Investors, and regulators, have very reasonable additional expectations with respect to how the firm is protecting its sensitive systems and data. The SEC lists 6 areas of focus and 28 areas of interest in its cybersecurity Risk Alerts. While some of those do require monitoring and alerting, the vast majority require the implementation of cybersecurity controls like those outlined in the NIST Cybersecurity Framework. Preventative or proactive controls such as identity and access management, strong user access credentials, controls to limit lateral movement within the network, established and tested incident response procedures, up-to-date cybersecurity policy and procedure documents, and myriad other controls are required. While typically not as comprehensive as SEC requirements, most investor due diligence questionnaires received by Agio’s hedge fund clients require similar controls.
Having visibility of potentially malicious activity, while vitally important, is no longer adequate to meet the firm’s cybersecurity obligations. From the perspective of investors and regulators, it’s very clear that the firm’s cybersecurity responsibilities extend well beyond simply monitoring and alerting.
3. Technology alone makes the firm secure
Protective technology is vitally important – don’t get me wrong. Next Gen firewalls, IDS/IPS, SIEM systems, end-point protection applications etc. are all vital components of a functional and effective cybersecurity governance regimen. However, technology alone is only 1/3 of the formula for effective cybersecurity. A mature cybersecurity governance regimen addresses the firm’s people, process, and technology.
Often, we encounter new hedge fund cybersecurity clients that invest in the latest protective technologies but fail to properly implement or configure them. Agio’s technical testers often identify basic misconfigurations that allow them to bypass protective technologies quickly, easily, and with relatively unsophisticated attacks. What good is that Next Gen firewall if you’ve got vulnerable protocols globally accessible from the internet, or systems on the production network are accessible from your poorly protected guest-wireless network? What good is the firm’s new end-point protection application if end-users (and bad actors) can modify its configuration or turn it off? What good is that SIEM system if you’re not alerting on potentially malicious activity like privilege escalation, failed login attempts, access or exfiltration of sensitive data?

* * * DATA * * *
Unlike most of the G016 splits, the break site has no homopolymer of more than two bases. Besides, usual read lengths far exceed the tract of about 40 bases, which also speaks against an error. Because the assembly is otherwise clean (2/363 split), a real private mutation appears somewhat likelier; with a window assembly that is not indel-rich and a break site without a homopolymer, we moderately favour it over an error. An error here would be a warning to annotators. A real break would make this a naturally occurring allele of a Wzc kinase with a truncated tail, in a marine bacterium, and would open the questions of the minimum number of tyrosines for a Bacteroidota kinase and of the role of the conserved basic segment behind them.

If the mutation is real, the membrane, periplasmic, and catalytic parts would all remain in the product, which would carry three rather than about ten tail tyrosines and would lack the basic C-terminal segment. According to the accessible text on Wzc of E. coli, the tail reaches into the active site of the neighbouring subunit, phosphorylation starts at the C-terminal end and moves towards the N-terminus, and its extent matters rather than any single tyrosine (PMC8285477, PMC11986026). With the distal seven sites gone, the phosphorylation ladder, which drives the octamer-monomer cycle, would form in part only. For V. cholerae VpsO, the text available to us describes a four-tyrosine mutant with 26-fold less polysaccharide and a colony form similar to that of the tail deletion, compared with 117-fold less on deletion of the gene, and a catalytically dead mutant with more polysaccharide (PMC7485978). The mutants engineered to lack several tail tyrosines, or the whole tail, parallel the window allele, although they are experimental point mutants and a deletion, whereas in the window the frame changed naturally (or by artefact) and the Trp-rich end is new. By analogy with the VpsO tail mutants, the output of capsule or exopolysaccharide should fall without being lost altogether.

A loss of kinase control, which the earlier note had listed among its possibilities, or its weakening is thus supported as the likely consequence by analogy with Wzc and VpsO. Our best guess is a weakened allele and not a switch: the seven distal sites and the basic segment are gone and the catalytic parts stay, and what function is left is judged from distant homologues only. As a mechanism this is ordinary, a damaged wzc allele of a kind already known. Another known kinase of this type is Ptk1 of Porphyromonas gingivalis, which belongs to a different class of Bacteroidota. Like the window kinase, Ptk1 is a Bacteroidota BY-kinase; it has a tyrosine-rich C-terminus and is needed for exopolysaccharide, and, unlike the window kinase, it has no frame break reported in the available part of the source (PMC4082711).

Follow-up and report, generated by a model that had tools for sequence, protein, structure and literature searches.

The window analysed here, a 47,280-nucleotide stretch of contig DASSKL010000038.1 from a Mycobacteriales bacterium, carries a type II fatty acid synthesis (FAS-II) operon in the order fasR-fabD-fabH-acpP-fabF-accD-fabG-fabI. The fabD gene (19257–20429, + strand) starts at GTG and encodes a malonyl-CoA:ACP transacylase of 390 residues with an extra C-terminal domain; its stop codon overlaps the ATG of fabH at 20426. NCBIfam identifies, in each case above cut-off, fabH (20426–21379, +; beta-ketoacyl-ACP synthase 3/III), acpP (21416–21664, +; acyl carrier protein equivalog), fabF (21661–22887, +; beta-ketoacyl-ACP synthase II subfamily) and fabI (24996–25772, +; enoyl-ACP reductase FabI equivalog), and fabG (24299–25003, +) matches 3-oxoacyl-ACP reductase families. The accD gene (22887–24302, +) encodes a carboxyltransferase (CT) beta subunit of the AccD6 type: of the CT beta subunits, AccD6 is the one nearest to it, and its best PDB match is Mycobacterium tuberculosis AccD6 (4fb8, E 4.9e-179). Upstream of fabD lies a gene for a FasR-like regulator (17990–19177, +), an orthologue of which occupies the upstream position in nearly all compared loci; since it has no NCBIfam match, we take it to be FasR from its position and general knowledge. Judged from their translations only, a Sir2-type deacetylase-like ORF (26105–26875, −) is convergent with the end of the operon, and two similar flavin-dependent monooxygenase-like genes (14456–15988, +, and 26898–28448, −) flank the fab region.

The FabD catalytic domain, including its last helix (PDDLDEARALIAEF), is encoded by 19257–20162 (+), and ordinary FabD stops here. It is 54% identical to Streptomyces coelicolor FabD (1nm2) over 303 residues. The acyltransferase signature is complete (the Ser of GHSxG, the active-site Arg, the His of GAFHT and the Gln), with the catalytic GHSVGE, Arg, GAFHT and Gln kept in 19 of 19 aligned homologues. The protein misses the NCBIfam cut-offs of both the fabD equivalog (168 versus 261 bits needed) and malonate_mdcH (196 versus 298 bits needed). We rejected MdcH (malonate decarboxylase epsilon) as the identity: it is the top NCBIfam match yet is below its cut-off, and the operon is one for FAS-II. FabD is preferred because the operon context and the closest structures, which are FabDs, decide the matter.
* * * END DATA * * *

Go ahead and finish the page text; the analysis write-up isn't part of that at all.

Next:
Agio also often encounters new hedge fund cybersecurity clients that have solid technical implementations but lack the necessary governance policies and user education to achieve effective control of cybersecurity. What good is your IDS/IPS and SIEM if the firm can’t properly prioritize its response to an event or incident, hasn’t defined the response workflows, or the firm’s responders can’t contact the appropriate decision makers? What good are the firm’s cybersecurity protocols if policy permits the use of weak or easily-crackable passwords? What good are any of the firm’s controls if users aren’t educated such that they sufficiently understand their roles and responsibilities with respect to the firm’s cybersecurity?
Regardless of hedge fund size, complexity, or the nature of its operations, Agio often encounters variants of these common cybersecurity misconceptions at our new and/or prospective hedge fund clients. If your fund isn’t fully addressing all aspects of its people, process, and technology, then you have gaps in your cybersecurity governance regimen. Agio can help eliminate those gaps. Contact us.